Moreover, plants in a tank with goldfish won’t survive for long as goldfish can be pretty destructive. They tend to uproot the plants and forage through the substrate to locate any remaining food scraps.
Is It Worth Keeping Betta Fish and Goldfish Together?
If you think about everything we’ve mentioned so far, the answer to the question “can betta fish live with goldfish” should be as clear as day.
Both fish have very different dietary, health, and environmental requirements. Therefore, it’s not a great idea to put them together in the same aquarium.
There’s a widespread belief that goldfish will grow to fit their surroundings, and this is true to an extent.
However, it’s absolutely not a good thing since this will shorten their lifespan, and they’ll become more susceptible to various diseases.
In conclusion, it’s not a humane way to keep your pet.
Is It Possible to Keep Your Goldfish and Betta Together as a Temporary Solution?
Suppose an emergency arises, like the filtration system failure. In theory, your goldfish and betta can reside together in the same tank for a day or two until you replace the filter.
If you want to avoid stress and risky situation, you should get a quarantine tank and temporarily move your fish there.
FAQs About Betta Fish & Goldfish
Will a betta fish kill a goldfish?
It’s uncommon for betta fish to kill goldfish. However, betta fish can sometimes get pretty territorial. They might chase or nip at goldfish if they’re sharing a tank. Usually the aggression just stresses both fish out.
Will a goldfish kill a betta fish?
It’s unlikely that a goldfish will kill a betta fish, but they can inadvertently harm bettas. Goldfish are typically peaceful, docile fish. It’s not in their nature to outright attack betta fish or other tankmates. But their larger size and energetic swimming can stress bettas out over time.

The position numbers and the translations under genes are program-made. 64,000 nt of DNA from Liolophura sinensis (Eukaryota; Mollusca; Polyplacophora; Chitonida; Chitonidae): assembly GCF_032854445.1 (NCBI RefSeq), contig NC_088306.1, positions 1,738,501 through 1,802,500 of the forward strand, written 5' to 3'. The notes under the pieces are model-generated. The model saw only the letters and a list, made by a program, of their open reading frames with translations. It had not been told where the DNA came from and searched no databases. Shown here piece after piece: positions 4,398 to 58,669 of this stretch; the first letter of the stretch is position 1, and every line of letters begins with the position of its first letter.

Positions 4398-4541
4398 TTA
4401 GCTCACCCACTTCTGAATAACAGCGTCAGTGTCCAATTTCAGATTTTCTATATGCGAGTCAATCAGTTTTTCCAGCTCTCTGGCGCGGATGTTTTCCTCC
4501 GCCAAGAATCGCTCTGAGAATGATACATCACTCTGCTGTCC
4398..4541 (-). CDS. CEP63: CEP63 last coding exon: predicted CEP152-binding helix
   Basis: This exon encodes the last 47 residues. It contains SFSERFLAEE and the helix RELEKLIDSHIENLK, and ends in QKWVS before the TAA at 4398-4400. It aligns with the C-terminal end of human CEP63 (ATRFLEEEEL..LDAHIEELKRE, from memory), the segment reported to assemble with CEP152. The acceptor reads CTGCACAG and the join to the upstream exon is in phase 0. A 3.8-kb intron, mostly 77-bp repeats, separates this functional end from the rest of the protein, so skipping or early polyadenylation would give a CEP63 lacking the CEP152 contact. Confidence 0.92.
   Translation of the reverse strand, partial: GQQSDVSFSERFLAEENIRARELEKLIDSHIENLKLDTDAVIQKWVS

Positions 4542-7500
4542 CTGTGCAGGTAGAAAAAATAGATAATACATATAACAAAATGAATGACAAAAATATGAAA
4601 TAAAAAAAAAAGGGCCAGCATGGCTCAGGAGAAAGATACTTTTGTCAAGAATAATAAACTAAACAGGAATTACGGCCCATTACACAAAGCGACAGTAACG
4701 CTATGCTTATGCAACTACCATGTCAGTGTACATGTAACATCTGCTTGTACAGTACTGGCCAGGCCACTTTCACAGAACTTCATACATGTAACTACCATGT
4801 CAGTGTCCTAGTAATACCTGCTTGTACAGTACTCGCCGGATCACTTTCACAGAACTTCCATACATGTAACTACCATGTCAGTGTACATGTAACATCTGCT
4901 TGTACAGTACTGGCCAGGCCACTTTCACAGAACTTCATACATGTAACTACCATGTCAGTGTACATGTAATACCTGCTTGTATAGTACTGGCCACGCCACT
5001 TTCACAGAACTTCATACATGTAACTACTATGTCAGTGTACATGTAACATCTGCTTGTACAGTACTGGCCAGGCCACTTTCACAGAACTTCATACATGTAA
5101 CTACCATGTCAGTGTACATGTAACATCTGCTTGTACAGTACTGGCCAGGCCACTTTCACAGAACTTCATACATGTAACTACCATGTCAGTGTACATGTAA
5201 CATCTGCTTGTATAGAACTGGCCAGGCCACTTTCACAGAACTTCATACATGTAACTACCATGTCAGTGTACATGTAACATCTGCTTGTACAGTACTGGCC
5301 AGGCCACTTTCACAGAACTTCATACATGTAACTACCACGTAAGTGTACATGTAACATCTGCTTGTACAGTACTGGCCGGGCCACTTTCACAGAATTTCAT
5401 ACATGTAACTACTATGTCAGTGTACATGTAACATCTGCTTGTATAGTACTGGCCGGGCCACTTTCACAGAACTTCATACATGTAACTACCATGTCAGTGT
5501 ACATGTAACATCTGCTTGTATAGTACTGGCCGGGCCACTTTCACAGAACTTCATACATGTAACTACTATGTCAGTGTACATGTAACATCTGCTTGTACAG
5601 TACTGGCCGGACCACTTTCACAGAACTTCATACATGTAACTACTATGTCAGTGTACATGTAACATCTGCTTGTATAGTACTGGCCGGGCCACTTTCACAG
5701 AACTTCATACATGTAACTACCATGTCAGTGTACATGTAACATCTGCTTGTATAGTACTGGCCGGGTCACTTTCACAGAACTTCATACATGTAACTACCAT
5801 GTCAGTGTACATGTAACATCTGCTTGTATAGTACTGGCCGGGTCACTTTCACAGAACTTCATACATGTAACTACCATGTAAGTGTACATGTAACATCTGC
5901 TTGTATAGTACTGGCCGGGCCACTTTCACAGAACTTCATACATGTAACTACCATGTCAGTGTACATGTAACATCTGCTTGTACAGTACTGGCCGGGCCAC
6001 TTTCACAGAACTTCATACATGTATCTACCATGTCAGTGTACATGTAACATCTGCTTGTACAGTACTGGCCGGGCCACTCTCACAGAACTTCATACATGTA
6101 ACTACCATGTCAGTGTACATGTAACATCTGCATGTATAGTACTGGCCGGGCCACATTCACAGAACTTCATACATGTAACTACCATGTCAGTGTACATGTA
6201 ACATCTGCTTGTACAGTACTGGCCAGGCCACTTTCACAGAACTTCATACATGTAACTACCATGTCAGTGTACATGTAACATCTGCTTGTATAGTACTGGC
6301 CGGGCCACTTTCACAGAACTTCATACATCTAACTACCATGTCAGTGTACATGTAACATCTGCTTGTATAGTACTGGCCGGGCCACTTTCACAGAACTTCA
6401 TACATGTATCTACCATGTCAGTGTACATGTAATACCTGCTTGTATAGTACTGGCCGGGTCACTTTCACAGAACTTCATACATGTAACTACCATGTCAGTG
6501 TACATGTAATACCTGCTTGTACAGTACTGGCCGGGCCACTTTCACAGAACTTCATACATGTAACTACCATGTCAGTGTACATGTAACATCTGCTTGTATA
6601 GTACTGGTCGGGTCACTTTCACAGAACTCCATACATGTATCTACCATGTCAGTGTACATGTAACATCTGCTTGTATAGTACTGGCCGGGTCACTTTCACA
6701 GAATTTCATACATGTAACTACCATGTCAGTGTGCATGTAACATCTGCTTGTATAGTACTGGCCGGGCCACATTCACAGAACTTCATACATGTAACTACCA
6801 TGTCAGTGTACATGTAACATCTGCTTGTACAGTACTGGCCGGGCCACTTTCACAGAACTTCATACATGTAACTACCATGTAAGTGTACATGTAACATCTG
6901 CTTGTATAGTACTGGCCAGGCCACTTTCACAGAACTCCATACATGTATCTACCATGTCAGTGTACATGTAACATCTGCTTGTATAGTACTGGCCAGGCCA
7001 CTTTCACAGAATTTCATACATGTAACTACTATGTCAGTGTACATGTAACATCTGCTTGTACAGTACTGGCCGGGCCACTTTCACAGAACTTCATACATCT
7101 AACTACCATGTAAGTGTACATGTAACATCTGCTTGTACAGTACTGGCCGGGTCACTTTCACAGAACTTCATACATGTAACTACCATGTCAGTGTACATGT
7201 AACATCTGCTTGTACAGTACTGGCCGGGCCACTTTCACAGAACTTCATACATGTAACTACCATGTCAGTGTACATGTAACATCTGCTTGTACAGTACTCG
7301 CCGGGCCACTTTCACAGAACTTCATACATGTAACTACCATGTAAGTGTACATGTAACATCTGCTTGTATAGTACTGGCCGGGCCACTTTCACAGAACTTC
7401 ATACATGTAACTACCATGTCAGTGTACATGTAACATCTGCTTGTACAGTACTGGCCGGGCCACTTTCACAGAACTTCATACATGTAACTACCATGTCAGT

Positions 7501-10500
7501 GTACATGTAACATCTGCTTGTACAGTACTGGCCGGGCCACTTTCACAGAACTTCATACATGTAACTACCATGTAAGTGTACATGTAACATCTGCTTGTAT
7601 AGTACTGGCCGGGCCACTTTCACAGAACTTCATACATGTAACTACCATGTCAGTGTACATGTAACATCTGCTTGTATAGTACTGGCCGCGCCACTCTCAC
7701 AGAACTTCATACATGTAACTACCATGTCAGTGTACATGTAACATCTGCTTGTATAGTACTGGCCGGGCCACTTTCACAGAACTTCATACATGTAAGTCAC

Do goldfish and betta fish get along?
Putting them together can be tricky. Goldfish thrive in large tanks with strong filtration – different from bettas. And goldfish swim around actively while bettas are more mellow. Their different needs and temperaments make cohabitation challenging for both species’ well-being.
Can betta fish eat goldfish food?
Bettas can nibble on goldfish flakes or pellets occasionally but it won’t provide complete nutrition. Goldfish food lacks certain nutrients that bettas require in their diet. Relying solely on it could lead to vitamin deficiencies in bettas over time.
Can you feed goldfish betta fish food?
Betta pellets aren’t formulated to meet goldfish dietary requirements. While goldfish may eat betta food, it shouldn’t make up their main diet. They need specific nutrients, vitamins and proteins to stay healthy that betta food just doesn’t offer.
Are goldfish easier to keep than bettas?
Goldfish actually need pretty sizable tanks, strong filtration and frequent water changes – more demanding than bettas. Bettas are adaptable to smaller spaces and simpler setups. So they’re often recommended as starter fish over goldfish for beginner aquarists.
As you can see, there are many things you must be aware of and too many obstacles to handle when it comes to keeping betta fish and goldfish together.
Even if you believe that you can manage it all, in the end, it’ll be undoubtedly stressful to juggle between all these things simultaneously.
More importantly, it’s somewhat risky for your pets as well.
By all means, don’t put betta fish and goldfish in the same tank. Instead, get two appropriate tanks and have them both in their perfect environments.
Both of them are remarkable, and they’re excellent pets to have. Have you decided yet which one best fits your needs and which pet fish you’ll get?